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Rachel Cohen

Boudin

In Chicago

In Chicago
We have moved to Chicago. I went to the Art Institute soon after we arrived and was happy to see that the museum has a wonderful Berthe Morisot. I have wanted to keep thinking about her. I find that I remember vividly each experience I’ve had of her work in the last few years: two watercolors from the Clark, an exhibition at the Met that had several of her paintings, a visit to the Musée Marmottan while M played with S in the public gardens. The peculiar density of atmosphere that Morisot achieves seems like something to learn from. Perhaps I am affected by knowledge of her biography, and her early death, but it feels to me as if she knew there might not be much time, and that she put everything she knew, about a person, a child, a garden, a hat, into each painting.    

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One thing, I think, is that she is able to keep everything in motion.  This morning, a first day of school, the perpetual motion of everything and everybody – all our objects, all the four of us, all our places and people – feels overwhelming, but look at how she brings the garden to the dress, the fan away from and toward the dress, the dress itself toward blue, toward purple, toward the body and the air.  

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I don’t think it is a photographic accident that the face of the woman becomes clearer and more meaningful when looked at with the hat and figure of the child behind her. Morisot has done something with the beige and white shades of their two heads and hats that allows my eye to make a relation between the two figures. The woman’s face becomes less ghostly, I see what she thinks about and how she feels happiness and even love across those green strokes to the child.

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When I look back at our pictures of the summer, I see that we were often sitting where sand or green plants or water made a continuousness between us and the children. I feel I will miss this in the greater distinctness of fall.

In summer there is the challenge of making meaningful and definite that which is blurred by heat and continuity and abundance. Morisot has not forgotten the work of it.  This morning, I am especially fond of that rake, like a paintbrush, like a pen, to one side.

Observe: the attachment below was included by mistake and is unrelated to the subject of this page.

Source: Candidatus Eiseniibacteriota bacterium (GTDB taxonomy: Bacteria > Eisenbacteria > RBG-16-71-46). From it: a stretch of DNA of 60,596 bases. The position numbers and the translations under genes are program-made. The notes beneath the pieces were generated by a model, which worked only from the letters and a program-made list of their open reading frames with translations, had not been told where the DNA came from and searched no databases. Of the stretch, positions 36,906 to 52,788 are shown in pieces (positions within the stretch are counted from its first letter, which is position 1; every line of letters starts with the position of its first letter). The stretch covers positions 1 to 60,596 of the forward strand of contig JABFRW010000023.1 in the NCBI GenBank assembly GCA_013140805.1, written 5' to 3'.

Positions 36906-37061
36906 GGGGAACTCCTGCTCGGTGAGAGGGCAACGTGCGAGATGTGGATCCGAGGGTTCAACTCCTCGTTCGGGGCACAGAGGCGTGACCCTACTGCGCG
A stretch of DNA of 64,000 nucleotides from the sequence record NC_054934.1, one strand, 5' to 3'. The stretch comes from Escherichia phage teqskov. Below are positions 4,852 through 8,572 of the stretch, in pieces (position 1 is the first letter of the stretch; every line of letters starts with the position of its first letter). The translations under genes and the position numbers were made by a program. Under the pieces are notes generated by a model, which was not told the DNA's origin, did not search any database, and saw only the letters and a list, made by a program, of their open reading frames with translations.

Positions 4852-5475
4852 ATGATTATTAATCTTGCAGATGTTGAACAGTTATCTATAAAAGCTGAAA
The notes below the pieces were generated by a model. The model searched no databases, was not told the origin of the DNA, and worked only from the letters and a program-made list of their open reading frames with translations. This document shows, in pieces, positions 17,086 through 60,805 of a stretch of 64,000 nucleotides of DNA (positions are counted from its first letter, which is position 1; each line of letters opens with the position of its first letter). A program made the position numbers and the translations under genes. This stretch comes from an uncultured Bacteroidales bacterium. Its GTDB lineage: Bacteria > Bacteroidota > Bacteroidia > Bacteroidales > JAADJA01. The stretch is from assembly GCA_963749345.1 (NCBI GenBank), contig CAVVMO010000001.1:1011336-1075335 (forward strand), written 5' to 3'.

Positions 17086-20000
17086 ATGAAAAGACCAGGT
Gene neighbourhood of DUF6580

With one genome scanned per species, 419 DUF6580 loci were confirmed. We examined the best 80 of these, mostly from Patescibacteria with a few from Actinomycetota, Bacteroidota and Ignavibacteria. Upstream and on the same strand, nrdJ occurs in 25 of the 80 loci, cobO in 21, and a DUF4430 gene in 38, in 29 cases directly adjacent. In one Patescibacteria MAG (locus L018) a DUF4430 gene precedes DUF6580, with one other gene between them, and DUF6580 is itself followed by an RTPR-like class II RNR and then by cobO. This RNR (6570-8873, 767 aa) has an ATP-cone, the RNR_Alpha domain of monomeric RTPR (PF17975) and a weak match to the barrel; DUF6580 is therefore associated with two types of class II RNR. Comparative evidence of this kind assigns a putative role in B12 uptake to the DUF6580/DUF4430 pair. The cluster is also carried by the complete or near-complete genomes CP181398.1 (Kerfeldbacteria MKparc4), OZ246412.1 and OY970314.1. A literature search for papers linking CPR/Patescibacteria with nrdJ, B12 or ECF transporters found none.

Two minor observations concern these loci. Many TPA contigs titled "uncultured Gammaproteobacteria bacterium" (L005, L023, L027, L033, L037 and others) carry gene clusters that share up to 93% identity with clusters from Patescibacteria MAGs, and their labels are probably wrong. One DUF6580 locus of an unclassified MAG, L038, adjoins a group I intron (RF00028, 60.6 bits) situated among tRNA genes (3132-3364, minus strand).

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Summer of Hokusai

Summer of Hokusai

Hokusai, Thirty-Six Views of Mount Fuji, Snail Hall at the Temple of the Five Hundred Arhats, about 1831-1832, Museum of Fine Arts, Boston


The summer of Hokusai at the Museum of Fine Arts is over.  I made four brief visits, most with children; they were interested in their own ways.  I was only able to stand really still in front of perhaps twenty of the pieces altogether.  But I have the photographs and from those I can look back and work out something of what my eye and I were interested in.  Edges.

Here is “Night Moon at Izumizaki.”

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Here is the stone bridge in detail.

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The places where people walk – the bridge, the sand in the foreground – have a sharply outlined edge.  When we ourselves stand near the water, the edge of the land is very definite to us.  But the land in the distance meets the water with a different, softer edge. The figures are tiny, and far below us, but we see with them because of the rendering of the edges.    

This was the bridge along which one walked from the pleasure quarter at Nakashima to the center of Chinese learning at the Confucian temple in Kumemura.  That is another way of thinking of the edge between summer and fall.

Here is “Fuji View Plain in Owari Province,” with the signal double-edge of Mount Fuji, tiny within the barrel-in-progress, but present as it is in each of the thirty-six views.

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The barrel is a circle, but it has several kinds of edges. There are the edges of each plank of wood and the lathes that join them:  

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There are the edges on our left, with their relationship to the curve of the tree trunk:

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And those on the right, with the textured binding and its relationship to the leafy band at the foot of the mountain.

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Out of these edges Hokusai and the barrel-maker achieve unification.  That unification seems intended to bear on how we, the viewers, are meant to unify the thirty-six views of Mount Fuji into an understanding of Mount Fuji.

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It was a summer of edges – of arrivals and departures, the loading and unloading of suitcases, the edges of wading pools and of wooden docks pointing into the water, and of the distant edges of ponds which we never swam quite all the way to.  Rounded and mellowed by the turn of the year, it stands whole.